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News. Latest headlines regarding the fight for science education.

School Board Members Oppose Science Textbooks

Two members of the Spring-Ford Area School District Board of School Directors opposed several new science textbooks considered at their May meeting. One member was quoted in news reports as feeling that the books "approach to teaching evolution was too limiting", and that students should be exposed to other theories besides evolution, such as creationism. The board voted 6-2 to acquire the texts which were recommended by the district's science selection committee.

School Board Rejects, Then Accepts, Science Textbooks

In April the Brodhead School District board voted not to adopt two sets of elementary and middle school science books which had been recommended by district staff after a year of review. According to press reports, some board members "expressed concern on how evolution was presented in the books, more as fact than theory".

At its May meeting, the board decided to accept the textbooks, after having had a chance to review them in the meantime. No further comments about evolution were reported.

"Alternatives to Evolution" Proposed by School Board Member

The board of the Roseville City School District considered the adoption of local science standards at their June 14 meeting. One board member had been quoted in news reports as supporting changes to allow teaching "intelligent design" as an alternative to evolution in science classes. She had also suggested using some sort of evolution "disclaimer" or allowing students to "opt out" of evolution segments of courses. The board voted 4-1 to adopt the science standards without changes, and without any "opt-out" provision.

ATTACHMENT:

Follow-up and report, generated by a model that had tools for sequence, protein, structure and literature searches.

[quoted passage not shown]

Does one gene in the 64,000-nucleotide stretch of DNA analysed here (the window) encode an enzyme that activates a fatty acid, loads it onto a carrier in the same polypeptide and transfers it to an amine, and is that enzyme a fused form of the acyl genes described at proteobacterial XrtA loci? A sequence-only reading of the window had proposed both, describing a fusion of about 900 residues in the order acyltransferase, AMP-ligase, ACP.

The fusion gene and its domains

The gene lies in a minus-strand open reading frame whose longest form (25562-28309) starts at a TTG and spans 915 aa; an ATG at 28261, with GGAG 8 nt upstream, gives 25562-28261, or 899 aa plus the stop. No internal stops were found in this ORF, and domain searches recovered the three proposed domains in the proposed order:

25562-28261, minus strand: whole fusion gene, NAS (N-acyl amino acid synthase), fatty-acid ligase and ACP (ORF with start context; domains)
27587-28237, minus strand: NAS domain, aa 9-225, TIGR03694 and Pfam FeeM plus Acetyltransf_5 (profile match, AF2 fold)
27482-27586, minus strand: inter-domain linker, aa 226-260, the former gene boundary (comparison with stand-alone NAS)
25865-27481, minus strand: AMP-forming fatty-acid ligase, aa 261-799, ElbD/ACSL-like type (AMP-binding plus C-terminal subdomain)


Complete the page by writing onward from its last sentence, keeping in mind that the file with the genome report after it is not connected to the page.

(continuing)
Senate Passes Antievolution Resolution

On June 13, 2001, the US Senate adopted a "Sense of the Senate" amendment to the Elementary and Secondary Education Act Authorization bill, S.1, currently under consideration. The resolution (Amendment #799) read:

"It is the sense of the Senate that (1) good science education should prepare students to distinguish the data or testable theories of science from philosophical or religious claims that are made in the name of science; and

Evolution an Issue in Teacher's Firing

Colin Dovichin, a first-year teacher at Lancaster High School, claims he is losing his job because he would not give in to pressure from parents to teach creationism alongside evolution in his science classroom. He also claims that he was attacked as "an atheist".